Years before it took place, Molly Nilsson had a special feeling about 2020. Speaking to Leah Mandel for The FADER in 2017, the Swedish-born songwriter and producer recounted the feelings that arose in her during a night spent in Tokyo airport, surrounded by signs anticipating the city’s 2020 Olympics: “I’m really excited for 2020,” she said at the time. “It got into my dreams. I started thinking about 20:20 vision, and it really inspired me. Knowing now that it’s also a leap year is fantastic.”
The year after that interview, Nilsson released Twenty Twenty, her eighth and best album to date. A vivid, sparkling world unto itself, Twenty Twenty proved indelible, its windswept pop songs slowly taking on the redolence of modern classics in the time since its release. Songs like “Every Night Is New” and “A Slice Of Lemon,” glamorous anthems about the thrill and terror of living in late-capitalist end times, were given new gravity over the past year, as the monotony of isolation collided with a frenetic and ever-changing political climate, and as structures of authority governance began to melt like ice in a glass. As the haze of 2020 gave way to unbridled nihilism, Twenty Twenty’s biggest hook began to feel like gospel: “I don’t care if the world is through / Every night is new.”
Speaking to Nilsson in the first days of 2021, she seems optimistic about the year ahead, and confident that the devastation of 2020 wasn’t for nothing. “Even with everything that happened, I don't think 2020 was a bad year,” she tells me, her speaking voice a deep, Swedish-accented drawl not unlike her singing voice. “People probably find that really provoking to say, but I think that everything that was difficult about the year were things that have been happening for decades, or centuries, and they had brought us to this point where [we had] to confront all these issues.”
For Nilsson, much of the year has involved thinking more about the tangible world around her, and the kind of change she can affect while not touring. “I sort of used to see myself as someone who’s out in the world and sort of belonging everywhere and free to move about,” she explains, “And now, I'm much more focused on my immediate surroundings, and the city I live in, and the community here, and how I can contribute to doing things better where I am.” In all, she is still an optimist, and probably always will be: “I don't have a choice.”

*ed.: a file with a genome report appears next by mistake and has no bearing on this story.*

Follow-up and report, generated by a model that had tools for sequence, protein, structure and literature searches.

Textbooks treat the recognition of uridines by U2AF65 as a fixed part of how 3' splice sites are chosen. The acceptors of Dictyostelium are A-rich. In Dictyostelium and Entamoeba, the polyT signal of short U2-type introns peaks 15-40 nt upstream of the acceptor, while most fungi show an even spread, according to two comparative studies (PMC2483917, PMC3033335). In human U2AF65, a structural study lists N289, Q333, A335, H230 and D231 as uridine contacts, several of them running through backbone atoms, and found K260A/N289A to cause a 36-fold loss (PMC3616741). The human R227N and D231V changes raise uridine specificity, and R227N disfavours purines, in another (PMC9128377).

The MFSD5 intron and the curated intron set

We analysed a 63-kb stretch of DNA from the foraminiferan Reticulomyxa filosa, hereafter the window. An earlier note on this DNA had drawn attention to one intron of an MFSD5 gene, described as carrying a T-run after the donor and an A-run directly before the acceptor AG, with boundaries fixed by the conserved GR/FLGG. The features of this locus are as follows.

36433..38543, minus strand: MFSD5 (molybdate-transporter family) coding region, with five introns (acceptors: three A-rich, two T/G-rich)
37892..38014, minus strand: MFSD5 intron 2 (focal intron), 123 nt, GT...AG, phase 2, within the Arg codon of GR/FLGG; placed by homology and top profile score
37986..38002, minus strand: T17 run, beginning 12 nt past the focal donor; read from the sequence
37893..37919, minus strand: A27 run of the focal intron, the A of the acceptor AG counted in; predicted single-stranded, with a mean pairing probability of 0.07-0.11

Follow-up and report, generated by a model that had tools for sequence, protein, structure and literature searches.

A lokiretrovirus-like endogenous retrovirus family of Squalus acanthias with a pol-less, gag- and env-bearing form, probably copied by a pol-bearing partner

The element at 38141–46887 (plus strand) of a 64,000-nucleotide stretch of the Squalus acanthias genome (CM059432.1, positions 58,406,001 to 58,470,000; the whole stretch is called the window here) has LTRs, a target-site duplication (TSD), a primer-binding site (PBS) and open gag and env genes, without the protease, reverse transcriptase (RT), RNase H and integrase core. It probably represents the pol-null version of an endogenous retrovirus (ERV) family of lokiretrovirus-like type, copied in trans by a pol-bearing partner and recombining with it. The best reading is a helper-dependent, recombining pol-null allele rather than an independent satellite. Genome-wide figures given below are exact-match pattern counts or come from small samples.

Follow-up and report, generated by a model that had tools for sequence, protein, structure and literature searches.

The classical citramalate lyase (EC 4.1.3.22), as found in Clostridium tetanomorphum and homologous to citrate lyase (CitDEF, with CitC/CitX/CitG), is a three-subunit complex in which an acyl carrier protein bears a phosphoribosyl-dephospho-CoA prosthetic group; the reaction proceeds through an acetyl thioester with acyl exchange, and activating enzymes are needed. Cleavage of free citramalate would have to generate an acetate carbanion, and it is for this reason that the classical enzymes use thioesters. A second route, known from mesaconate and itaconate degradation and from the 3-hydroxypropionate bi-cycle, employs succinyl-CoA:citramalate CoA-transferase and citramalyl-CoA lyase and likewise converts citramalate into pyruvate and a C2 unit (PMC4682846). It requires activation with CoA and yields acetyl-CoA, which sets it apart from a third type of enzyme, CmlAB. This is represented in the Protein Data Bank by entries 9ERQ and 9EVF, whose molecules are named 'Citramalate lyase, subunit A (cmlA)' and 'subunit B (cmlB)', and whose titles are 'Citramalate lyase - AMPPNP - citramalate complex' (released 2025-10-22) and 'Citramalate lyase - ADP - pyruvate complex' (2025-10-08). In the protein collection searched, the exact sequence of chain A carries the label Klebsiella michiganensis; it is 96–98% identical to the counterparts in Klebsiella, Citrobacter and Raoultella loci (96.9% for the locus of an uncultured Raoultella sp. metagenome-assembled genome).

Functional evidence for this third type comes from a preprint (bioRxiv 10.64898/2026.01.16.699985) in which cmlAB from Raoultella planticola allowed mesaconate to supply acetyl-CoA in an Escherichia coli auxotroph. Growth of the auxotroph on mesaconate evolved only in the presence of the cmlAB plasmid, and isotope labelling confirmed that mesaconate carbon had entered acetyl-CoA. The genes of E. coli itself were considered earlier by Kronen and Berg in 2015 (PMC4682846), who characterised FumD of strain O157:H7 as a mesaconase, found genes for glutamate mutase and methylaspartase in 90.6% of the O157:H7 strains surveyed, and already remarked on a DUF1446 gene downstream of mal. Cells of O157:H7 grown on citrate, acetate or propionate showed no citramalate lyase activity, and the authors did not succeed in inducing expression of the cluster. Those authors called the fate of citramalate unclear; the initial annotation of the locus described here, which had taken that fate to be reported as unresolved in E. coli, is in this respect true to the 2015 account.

Speaking over the phone from her home in Berlin, Nilsson opened up about her year — from her two-week journey on a cargo ship to New York, to lockdown in Berlin — as well as her hopes for the year ahead, her feelings about Spotify’s business practices and the infiltration of private equity funds into the music industry, and more.
The FADER: How was your 2020 — did you have tours planned? How did the pandemic affect your income and career?
Molly Nilsson: It definitely affected my entire idea of what I do for a living. I'm a songwriter, so a lot of my work is to write songs or record songs, and I can do that anywhere at any time. But a big part of the inspiration or the outcome of what I do is touring and traveling and meeting people and performing and playing shows. All of that was pulled away very quickly. At first, I didn't think it would last this long. And it was strange, but I'm very good at adapting to new realities. And so I can't say that it's been that difficult for me, because I just had to change my mindset about how I spend my time and what my life looks like. So I feel like I'm very fortunate in that sense, obviously, I think, in comparison to people who [lost their jobs, or] are employees and lost their workplaces.
The only thing I felt that really changed for me in regards to music was not going to shows. I don't care so much about playing my own shows — I do it because it's a big part of me interacting with listeners and people around the world — but I really miss going to shows, and [the pandemic] really changed my relationship to music. At first, I wasn't even really able to listen to music at all, because it just made me sad. It wasn't until this fall that I could get out of that feeling of loss and rediscover listening in different ways and, you know, have dance parties by myself.
You say you’re someone who puts a lot of stock in the future. How does that work in a time like now, when it’s harder than ever to conceptualise the future?